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Arctic Trekking with Scott Hed*
Part Two:
Rafting the Kongakut River to the Arctic Ocean
(Back to Part One >>)

This is the final installment of Scott's journal. Read on to learn more about the fascinating ecosystems of the Arctic National Wildlife Refuge that the Porcupine caribou herd calls home.

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Packing the rafts
Credit Scott Hed

Rafting Along
When I woke in the morning, the fog had cleared and it was a blue-sky day. The planes came in and some people left and some others arrived for the rafting portion of our journey. We unloaded all of the gear, including the three four-person rafts that would carry us to the Arctic Ocean over the course of the next ten days. The pile of gear and food was enormous compared to what we had on the backpack trip. Then I remembered that we no longer had to carry the stuff on our backs…we’d just float it down the river to our next camp site. From the camp sites we would take day hikes to explore the surrounding country. This seemed like living in luxury compared to the backpack trip. We even made pizza one night!
We were fortunate to be present when spring came into bloom. There were countless varieties of wildflowers of every color. All the plants on the north side of the Brooks Range are very small. The growing season is short, and they hug the ground to conserve warmth in the cool wind that is nearly ever-present. Along the riverbanks grow dwarf willows and birches that are more like shrubs than trees. Otherwise, most plants are only a few inches high.

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Grizzley bear
Photo courtesy USGS
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Caribou train: 5 hours long

As we made our way north, the foothills began to flatten out into the broad coastal plain. We still saw grizzly bears, but not as frequently as in the foothills and mountains where they prefer to spend their time. We kept seeing caribou every day. We started to see more and more different types of birds, including golden eagles, which are large enough to carry off sheep or caribou calves.

5-hour Caribou Trail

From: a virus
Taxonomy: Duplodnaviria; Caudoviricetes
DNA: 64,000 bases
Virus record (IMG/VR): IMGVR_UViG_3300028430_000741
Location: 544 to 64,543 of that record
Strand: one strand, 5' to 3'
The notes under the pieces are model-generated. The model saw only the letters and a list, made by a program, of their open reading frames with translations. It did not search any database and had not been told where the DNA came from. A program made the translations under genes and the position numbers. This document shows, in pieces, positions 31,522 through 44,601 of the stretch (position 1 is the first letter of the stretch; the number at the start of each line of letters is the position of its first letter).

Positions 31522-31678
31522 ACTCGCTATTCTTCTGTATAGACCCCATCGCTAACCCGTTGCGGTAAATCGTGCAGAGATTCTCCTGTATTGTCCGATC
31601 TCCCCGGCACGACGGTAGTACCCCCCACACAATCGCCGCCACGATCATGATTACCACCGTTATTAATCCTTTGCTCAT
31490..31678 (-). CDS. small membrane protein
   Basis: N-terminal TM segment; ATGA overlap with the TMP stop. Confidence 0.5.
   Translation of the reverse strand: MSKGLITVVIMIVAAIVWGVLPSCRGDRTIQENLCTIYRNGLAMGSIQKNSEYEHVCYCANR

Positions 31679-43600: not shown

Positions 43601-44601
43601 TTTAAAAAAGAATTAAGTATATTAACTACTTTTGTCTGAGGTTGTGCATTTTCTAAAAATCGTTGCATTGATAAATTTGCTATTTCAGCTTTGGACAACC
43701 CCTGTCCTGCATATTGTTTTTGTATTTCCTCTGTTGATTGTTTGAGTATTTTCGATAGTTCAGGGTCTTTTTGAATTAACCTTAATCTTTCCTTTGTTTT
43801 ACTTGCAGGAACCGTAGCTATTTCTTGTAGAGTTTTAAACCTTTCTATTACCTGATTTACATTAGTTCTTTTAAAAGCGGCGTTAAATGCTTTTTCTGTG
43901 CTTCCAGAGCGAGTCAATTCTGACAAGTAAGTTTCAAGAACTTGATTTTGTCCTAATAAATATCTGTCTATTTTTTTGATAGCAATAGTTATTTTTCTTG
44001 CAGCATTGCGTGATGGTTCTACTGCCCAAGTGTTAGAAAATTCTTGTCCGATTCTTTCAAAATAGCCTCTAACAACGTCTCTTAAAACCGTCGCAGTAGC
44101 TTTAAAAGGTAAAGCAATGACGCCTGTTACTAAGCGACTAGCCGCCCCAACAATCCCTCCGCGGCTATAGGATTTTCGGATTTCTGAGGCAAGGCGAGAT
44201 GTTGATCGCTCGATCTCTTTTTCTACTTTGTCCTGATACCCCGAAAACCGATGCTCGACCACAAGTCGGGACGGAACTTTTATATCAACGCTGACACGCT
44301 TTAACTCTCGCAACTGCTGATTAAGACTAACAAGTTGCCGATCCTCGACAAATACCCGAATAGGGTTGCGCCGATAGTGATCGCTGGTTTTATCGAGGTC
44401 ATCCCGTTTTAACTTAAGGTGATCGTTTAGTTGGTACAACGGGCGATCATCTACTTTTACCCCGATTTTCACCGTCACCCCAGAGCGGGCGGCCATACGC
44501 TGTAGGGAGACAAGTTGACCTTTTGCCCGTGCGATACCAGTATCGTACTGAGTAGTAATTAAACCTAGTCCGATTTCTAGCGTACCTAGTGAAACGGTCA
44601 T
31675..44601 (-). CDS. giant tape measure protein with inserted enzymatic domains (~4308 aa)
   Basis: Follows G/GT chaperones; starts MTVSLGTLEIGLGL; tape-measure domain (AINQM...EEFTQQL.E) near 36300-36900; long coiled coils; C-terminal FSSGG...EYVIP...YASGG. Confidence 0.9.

Our last camp in the foothills was the location of a sight I will never forget. As we sat finishing breakfast, a group of caribou arrived on the ridge above us and started down toward our camp. They were headed toward the banks of the Kongakut River and were going to cross to the west and out onto the coastal plain, the destination that they had been seeking in their hundreds of miles journey from their wintering grounds. For five straight hours we watched as thousands of caribou (how many I can’t even guess) made their way right through our camp! They were all cows and newborn calves. There had been a late spring and the caribou were forced to have their calves on their way to the coastal plain instead of on the coastal plain like they traditionally do. This was bad because a higher percentage of calves did not survive the perilous journey. The calves we watched from our camp were the “toughest of the tough” – they had already crossed many rivers and evaded wolves and bears. They just plunged into the rushing river after their mothers, and because they couldn’t swim as strongly as the adults they were swept downstream quite a distance before finally emerging. They shook off the water and ran ahead to catch up to their mothers. It was an unbelievable sight, and made me realize just how important the coastal plain is to the caribou herd’s survival. They need this area because they are not disturbed by human development or predators, the area has just the kind of nutritious vegetation that gives the caribou mother’s the richest milk of any land animal, and the cool breezes off the Arctic Ocean keep the mosquito disturbance to a minimum.

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Ice canyons: Kongakut R. approaching the Arctic Sea
Credit Scott Hed

Canyons of Ice